This will be short, sweet, and even more out of the derriere than usual, seeing as how I haven't had a chance to watch United's 2-1 victory (2-3 loss on aggregate), but did stumble across the result, trip and bang my head on the hue and cry of BigSoccer, and even managed to step in the big, steaming pile of a [slanted] Mexican highlights package. Whew! Well, I guess it's about time to synthesize all that my attention sponge has absorbed and wring it out in a concentrated bout of ass-talking . . .
* So what's the deal with Emiligol? The golden-booted one has looked all kinds of out of sorts in this young season--bad touches, frequent loss of possession, and some oh-so glaring misses. Now, beyond the early explosion against his old club in this very same competition last year, he started 2007 rather slowly as well. So there's always hope that he'll round into form as the season continues. Fat lot of good that does us now though. Wasn't there a lot of supposition that the acquisition of the second DP slot from the cRapids for Gomez was intended as a reward for Emilio if he performed in the same capacity as last year? At the moment, I don't think I'd be particularly inclined to take that option . . .
* Return of the three-back system? Early last year, Soehn addressed our early season defensive wobbles by switching to a four-back system. But the second half against TFC and this last match against Pachuca suggest that perhaps another change is on the cards. Namoff has already proved himself in such a system for United before. Martinez looks like he'll be ideally suited to be his counterpart as the second outside back, and indeed, perhaps some of his talents are wasted a bit at center back. The final piece of the puzzle is Peralta, who certainly seems to have some of the blend of dominating physical presence and organizational skill that made Ryan Nelson such a valuable player for this team. If nothing else, increased tactical flexibility will be an asset going forward.
* Hang the man with the whistle? Sure, it's easy to blame the ref for a job well-botched. My vicarious experience of the game through others' eyes suggests that the official bought into some diving, missed at least one PK call, and apparently just picked a number at random when it came to assessing how many minutes of stoppage time should be played. But this is CONCACAF. The refs are always crap. Hell, MLS refs aren't much better as a whole, so we better get used to the ill treatment. While the officials should undoubtedly shoulder some of the blame, I'm going to take a somewhat higher road and point the finger instead at: (1) the naivete displayed in Mexico that led us to run our legs off in the first half-hour of the game, leading to a second half collapse, and a difficult 2-0 first leg result, and (2) an inability to stick the ball in the back of the net in the first half of the second leg when the chances presented themselves. Are Pachuca a better side? Probably. Are they that much better that we couldn't have won this series? Nope.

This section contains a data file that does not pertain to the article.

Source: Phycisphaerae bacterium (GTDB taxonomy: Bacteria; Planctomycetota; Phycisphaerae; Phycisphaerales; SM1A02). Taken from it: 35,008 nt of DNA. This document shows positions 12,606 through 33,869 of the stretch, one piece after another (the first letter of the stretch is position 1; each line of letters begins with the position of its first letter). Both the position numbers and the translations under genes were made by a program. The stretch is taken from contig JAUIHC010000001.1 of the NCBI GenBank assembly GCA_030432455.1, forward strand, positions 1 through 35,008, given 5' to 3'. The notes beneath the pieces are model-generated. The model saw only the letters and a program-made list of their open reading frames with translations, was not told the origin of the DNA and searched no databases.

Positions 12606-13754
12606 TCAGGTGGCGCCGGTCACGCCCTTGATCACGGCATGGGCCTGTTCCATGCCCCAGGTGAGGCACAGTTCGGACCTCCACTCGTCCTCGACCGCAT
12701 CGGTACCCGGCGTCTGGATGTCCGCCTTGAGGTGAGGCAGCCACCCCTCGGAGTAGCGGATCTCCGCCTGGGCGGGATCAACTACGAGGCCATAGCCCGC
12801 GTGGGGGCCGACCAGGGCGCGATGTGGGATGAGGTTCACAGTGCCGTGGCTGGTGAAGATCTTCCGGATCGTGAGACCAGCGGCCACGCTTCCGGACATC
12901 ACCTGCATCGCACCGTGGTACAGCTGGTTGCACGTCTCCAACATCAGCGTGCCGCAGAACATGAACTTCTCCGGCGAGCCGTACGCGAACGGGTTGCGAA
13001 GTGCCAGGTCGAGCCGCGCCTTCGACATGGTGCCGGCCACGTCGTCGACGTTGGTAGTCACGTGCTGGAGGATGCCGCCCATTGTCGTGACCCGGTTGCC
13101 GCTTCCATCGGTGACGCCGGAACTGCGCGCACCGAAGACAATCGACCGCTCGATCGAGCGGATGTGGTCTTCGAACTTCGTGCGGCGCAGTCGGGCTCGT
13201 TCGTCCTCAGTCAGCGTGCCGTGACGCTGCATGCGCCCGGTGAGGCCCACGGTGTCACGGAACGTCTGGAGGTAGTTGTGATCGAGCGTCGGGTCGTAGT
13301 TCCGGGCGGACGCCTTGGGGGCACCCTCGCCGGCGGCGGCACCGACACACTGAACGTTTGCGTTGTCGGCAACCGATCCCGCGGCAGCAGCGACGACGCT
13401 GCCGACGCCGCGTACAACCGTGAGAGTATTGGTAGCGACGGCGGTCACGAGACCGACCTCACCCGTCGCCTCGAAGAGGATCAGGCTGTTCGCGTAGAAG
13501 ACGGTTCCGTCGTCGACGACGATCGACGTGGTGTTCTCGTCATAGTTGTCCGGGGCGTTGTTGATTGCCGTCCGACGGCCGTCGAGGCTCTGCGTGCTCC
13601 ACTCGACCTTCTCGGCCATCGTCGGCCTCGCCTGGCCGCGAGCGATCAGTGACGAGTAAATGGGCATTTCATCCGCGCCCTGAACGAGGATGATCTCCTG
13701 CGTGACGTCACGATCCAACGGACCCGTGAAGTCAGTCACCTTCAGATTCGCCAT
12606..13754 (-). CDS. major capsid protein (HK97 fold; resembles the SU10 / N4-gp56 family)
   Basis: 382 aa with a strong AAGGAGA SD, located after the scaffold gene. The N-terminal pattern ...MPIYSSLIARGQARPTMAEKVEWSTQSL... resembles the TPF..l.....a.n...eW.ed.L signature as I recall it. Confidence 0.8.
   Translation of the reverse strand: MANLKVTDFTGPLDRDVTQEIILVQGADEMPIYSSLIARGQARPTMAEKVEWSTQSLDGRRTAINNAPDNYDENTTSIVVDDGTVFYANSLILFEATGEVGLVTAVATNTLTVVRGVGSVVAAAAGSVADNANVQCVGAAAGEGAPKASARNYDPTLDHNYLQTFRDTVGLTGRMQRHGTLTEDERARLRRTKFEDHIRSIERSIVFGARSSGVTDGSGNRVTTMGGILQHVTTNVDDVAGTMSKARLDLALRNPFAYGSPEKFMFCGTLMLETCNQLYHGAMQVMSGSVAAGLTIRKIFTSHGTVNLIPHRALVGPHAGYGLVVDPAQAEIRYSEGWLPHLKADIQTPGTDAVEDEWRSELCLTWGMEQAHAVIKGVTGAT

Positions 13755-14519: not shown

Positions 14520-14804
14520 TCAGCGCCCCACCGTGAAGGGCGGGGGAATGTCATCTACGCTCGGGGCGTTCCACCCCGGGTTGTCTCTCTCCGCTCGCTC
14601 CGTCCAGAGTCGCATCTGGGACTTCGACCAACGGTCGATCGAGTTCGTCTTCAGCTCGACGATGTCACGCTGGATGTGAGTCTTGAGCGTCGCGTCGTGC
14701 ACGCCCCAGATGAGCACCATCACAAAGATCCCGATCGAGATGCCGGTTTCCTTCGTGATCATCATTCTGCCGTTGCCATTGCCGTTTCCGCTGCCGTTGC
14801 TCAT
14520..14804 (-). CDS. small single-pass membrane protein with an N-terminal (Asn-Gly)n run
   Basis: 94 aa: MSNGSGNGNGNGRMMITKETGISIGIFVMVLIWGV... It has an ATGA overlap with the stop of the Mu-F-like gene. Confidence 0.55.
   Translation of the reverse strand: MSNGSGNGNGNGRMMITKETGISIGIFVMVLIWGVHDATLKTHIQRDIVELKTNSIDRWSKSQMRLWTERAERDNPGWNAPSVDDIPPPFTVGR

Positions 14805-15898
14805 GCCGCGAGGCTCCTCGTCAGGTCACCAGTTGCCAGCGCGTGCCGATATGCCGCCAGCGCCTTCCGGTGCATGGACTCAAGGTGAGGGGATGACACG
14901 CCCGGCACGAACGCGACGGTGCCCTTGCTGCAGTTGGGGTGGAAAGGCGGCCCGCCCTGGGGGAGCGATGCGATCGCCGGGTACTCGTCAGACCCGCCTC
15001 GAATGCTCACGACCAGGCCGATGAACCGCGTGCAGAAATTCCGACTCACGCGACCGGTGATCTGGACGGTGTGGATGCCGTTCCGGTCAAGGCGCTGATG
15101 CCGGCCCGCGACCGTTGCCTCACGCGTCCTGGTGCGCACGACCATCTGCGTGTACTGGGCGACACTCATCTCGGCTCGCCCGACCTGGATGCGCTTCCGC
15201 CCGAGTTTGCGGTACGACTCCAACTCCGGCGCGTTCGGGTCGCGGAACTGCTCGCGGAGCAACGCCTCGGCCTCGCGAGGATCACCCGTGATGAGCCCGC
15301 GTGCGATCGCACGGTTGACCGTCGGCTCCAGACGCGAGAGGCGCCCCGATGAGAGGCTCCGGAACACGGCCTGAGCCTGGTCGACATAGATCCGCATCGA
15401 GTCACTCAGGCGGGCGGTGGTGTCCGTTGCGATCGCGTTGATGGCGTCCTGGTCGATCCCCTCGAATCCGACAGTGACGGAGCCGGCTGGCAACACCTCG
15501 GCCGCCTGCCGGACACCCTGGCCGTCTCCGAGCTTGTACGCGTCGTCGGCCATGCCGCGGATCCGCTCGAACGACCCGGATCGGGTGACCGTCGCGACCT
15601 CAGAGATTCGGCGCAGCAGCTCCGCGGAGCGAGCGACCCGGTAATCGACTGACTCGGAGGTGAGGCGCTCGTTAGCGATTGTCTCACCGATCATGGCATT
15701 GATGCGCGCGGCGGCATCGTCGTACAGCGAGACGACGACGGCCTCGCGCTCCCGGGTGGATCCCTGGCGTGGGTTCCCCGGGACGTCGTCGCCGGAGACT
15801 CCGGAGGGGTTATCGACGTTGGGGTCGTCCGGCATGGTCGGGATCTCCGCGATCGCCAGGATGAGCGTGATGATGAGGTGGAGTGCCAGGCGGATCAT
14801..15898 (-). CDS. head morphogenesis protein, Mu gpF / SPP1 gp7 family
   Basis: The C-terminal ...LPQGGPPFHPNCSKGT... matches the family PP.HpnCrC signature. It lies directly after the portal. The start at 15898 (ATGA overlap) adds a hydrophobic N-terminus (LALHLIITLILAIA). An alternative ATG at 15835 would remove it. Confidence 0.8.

* Building a better mousetrap? I was listening to the Guardian's Football Weekly podcast last week and was intrigued by the German correspondent's opinion that Bayern Munich's massive changes this year are focused on creating a Champions' League winning side next year. Why do I mention this? Well, I know of another team that underwent a pretty sizable overhaul in the offseason. We've all heard off the front office's repeated stance that they're building a side that can succeed in international competition. Gallardo said that one of the things that convinced him to come to DC was the ambition of the club on the international stage.
It's hard for so many new pieces to fit together immediately, so I'm wondering if the United staff was looking at this competition as a test run. I know they want to win every competition, but did they realistically expect the team to gel quickly enough to be a force in this competition, or was this just a teaser? We've got that extra DP slot just floating around, and we've got ownership that's willing to invest in the team's success. Now we've got 3-4 months for the team to knit together, and for the front office to address any weaknesses that they see in the roster before we're back on the international stage. I'm just sayin' . . .
So, all in all, disappointment reigns over the Fullback household for what might have been. We've been tripped up in our first competition, but it was against a better side, and I was encouraged by the fight that we displayed. At this time last year, we were in a similar situation. Out of the continental cup one step too early and not exactly setting the league alight. But the difference is that last year's early season was marred by worrying signs from the defense and a one-trick-pony attack. So far, this year's edition has generally looked a more impressive beast. Let's hope that the beast finds its footing and starts to dish out some real punishment.